235th Anniversary of the Savanna-la-Mer hurricane

Probable track of the 1780 Savanna-la-Mer hurricane (from "Divine Wind" by Emanuel)
Probable track of the 1780 Savanna-la-Mer hurricane (from “Divine Wind” by Emanuel)

On the afternoon of October 3, 1780, a severe hurricane struck Jamaica and destroyed the port city of Savanna-la-Mer.  It had already sunk the HMS Monarch which was transporting Spanish prisoners to Kingston.  As it approached the island, many villagers were drawn to the shore to witness the heavy surf.  They were engulfed in the quickly rising storm surge (estimated at 20 feet (6.5 m)) as the hurricane came ashore.  The surge also wrecked ships anchored in the harbor and destroyed most of the buildings in town.  Similar devastation was visited on the port village of Lucea and Montego Bay on Jamaica’s northern side, killing hundreds more people.  The storm would later sink several British warships in Cuban waters while crippling many others.  The storm’s death total was around three thousand with nearly half that total being sailors.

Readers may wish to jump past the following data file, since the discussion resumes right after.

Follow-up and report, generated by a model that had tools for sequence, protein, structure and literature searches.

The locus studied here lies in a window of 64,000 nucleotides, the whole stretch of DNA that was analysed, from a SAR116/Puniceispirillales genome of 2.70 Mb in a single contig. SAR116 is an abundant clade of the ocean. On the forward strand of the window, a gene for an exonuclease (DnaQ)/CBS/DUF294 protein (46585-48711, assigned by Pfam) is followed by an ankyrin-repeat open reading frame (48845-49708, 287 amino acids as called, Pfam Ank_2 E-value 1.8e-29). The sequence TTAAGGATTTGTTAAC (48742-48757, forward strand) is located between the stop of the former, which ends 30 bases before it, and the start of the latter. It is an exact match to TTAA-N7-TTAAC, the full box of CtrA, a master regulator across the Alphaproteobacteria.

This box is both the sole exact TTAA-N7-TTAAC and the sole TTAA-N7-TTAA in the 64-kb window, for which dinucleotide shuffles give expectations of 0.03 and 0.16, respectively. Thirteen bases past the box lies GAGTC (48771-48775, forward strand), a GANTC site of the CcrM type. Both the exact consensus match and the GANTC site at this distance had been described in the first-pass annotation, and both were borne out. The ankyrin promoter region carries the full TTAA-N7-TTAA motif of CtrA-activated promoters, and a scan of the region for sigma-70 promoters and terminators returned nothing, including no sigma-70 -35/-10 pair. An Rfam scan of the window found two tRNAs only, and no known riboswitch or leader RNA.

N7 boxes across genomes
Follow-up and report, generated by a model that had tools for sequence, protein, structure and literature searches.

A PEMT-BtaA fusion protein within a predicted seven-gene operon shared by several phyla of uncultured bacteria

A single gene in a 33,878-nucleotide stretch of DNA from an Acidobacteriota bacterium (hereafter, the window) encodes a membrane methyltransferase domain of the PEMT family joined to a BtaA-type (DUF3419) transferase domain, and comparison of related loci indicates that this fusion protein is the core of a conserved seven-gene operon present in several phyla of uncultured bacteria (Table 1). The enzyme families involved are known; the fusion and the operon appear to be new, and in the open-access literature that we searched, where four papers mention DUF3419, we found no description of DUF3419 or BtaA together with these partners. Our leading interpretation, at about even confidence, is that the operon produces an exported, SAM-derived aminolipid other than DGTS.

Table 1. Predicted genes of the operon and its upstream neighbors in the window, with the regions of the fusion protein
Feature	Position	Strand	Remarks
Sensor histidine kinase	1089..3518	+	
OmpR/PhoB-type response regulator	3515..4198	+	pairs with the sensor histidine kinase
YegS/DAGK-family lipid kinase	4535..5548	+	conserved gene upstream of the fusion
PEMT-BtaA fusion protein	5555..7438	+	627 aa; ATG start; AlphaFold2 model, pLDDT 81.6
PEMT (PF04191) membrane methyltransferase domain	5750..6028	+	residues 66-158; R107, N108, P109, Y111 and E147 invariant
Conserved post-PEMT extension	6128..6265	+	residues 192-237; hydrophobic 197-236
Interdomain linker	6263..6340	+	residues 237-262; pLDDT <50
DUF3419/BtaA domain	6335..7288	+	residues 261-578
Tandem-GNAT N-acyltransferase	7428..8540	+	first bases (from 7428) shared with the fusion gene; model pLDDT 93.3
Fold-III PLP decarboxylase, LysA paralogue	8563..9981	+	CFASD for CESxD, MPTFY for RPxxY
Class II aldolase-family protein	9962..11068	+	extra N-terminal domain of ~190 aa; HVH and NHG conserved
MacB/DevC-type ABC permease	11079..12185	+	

For many years, this hurricane was thought to be the same storm which would days later visit trouble on the Antilles and then five days later strike Pensacola.  Later investigation by Lt.Col. William Reid in the mid-19th Century revealed these to be three separate hurricanes.  These three storms made 1780 the deadliest Atlantic hurricane season on record.